Southwest Airlines said Thursday that it lost money in the fourth quarter of last year as its fuel-hedging strategy, brilliant when oil prices were rising, lost punch with tumbling energy prices.
It was discount carrier Southwest's second losing quarter of 2008 after 16 straight years without finishing a three-month period in the red.
Southwest lost $56 million, or 8 cents per share, in the fourth quarter, compared with a gain of $111 million, or 15 cents per share, a year earlier.
The loss included net charges of $117 million related to the falling value of its fuel-hedging positions. Without the charges, Southwest would have earned $61 million, or 8 cents per share, which beat expectations of analysts surveyed by Thomson Reuters, who forecast a gain of 5 cents per share excluding special items.
Recently, Southwest has cut back sharply on fuel hedging. It also said Thursday that it plans to reduce capacity this year by 4 percent and will rein in fleet-expansion plans.
The results underscored the fragile state of the airline industry, which was hit last year by skyrocketing fuel prices and then, as fuel prices eased, a recession and slump in air travel demand.
Chairman and Chief Executive Gary C. Kelly called it "one of the most difficult years in aviation's 100-year-plus history."
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Kelly gave a mixed outlook for financial performance in the new year at Southwest, which carries more U.S. passengers than any other.
Kelly said Southwest saw a 7 percent increase in revenue per seats times miles flown -- a measure of financial efficiency in the airline industry -- in November and December, and he forecast a similar growth rate for January.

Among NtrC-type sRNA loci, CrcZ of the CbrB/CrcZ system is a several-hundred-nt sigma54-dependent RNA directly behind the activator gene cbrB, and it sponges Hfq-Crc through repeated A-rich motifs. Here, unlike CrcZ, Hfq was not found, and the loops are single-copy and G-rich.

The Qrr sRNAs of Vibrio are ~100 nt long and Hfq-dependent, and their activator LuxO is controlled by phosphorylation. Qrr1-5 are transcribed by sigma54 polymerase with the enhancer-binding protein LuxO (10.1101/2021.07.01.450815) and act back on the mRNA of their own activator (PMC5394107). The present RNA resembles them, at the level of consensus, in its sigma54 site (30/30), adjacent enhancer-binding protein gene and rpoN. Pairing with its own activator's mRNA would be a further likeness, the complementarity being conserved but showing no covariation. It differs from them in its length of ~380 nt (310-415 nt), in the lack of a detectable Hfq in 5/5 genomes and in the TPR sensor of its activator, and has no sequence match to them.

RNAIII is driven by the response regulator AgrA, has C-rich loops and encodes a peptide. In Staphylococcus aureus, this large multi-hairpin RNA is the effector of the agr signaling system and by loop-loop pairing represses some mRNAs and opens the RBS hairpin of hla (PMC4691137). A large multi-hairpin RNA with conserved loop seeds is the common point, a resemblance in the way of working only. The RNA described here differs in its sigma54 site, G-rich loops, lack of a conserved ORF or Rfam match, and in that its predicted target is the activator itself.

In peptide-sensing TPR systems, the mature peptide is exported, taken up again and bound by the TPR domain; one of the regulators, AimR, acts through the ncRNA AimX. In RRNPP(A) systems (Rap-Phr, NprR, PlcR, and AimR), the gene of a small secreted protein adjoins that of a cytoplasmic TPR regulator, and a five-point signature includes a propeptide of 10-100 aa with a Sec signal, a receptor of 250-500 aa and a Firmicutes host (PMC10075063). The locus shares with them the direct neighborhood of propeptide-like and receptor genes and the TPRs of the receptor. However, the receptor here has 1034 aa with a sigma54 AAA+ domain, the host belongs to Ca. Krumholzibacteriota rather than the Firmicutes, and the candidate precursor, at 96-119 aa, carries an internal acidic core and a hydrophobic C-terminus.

But he cautioned that Southwest sees "notable softness in post-January bookings" and said the company is "not confident" that January's performance will be maintained throughout the first quarter.
Dallas-based Southwest lost money in the fourth quarter despite boosting revenue 9.7 percent, to $2.73 billion, which topped the $2.65 billion forecast of analysts.
That's because Southwest's biggest expense, fuel, rose 23 percent from a year earlier, to $918 million. That surpassed the amount the company spent on labor, $846 million.
Southwest had long been the model for how airlines could cope with rising energy prices. The company aggressively hedged against such increases, in effect locking in lower prices than its competitors were paying at the pump.
But when oil prices fell in the second half of last year, those hedges lost value and led to the fourth quarter charges that dragged Southwest into the red for the fourth quarter.
Even with the fourth-quarter loss, Southwest kept alive its streak of 36 straight years of profit, finishing 2008 with a gain of $178 million, or 24 cents per share. But that paled in comparison to the 2007 profit of $645 million, or 84 cents per share.
Southwest is pinning growth hopes on new markets, including Minneapolis and New York's LaGuardia Airport this year and service soon to Canada and Mexico on partner airlines.
However, Southwest trimmed its fleet-expansion plans. It said Thursday that it expects to take delivery of 10 new Boeing 737 jets in 2010 instead of the previously planned 22. The company said it cut aircraft capital spending by nearly $700 million for both 2009 and 2010.
Southwest shares rose $1.43, or 17.1 percent, to close at $9.81.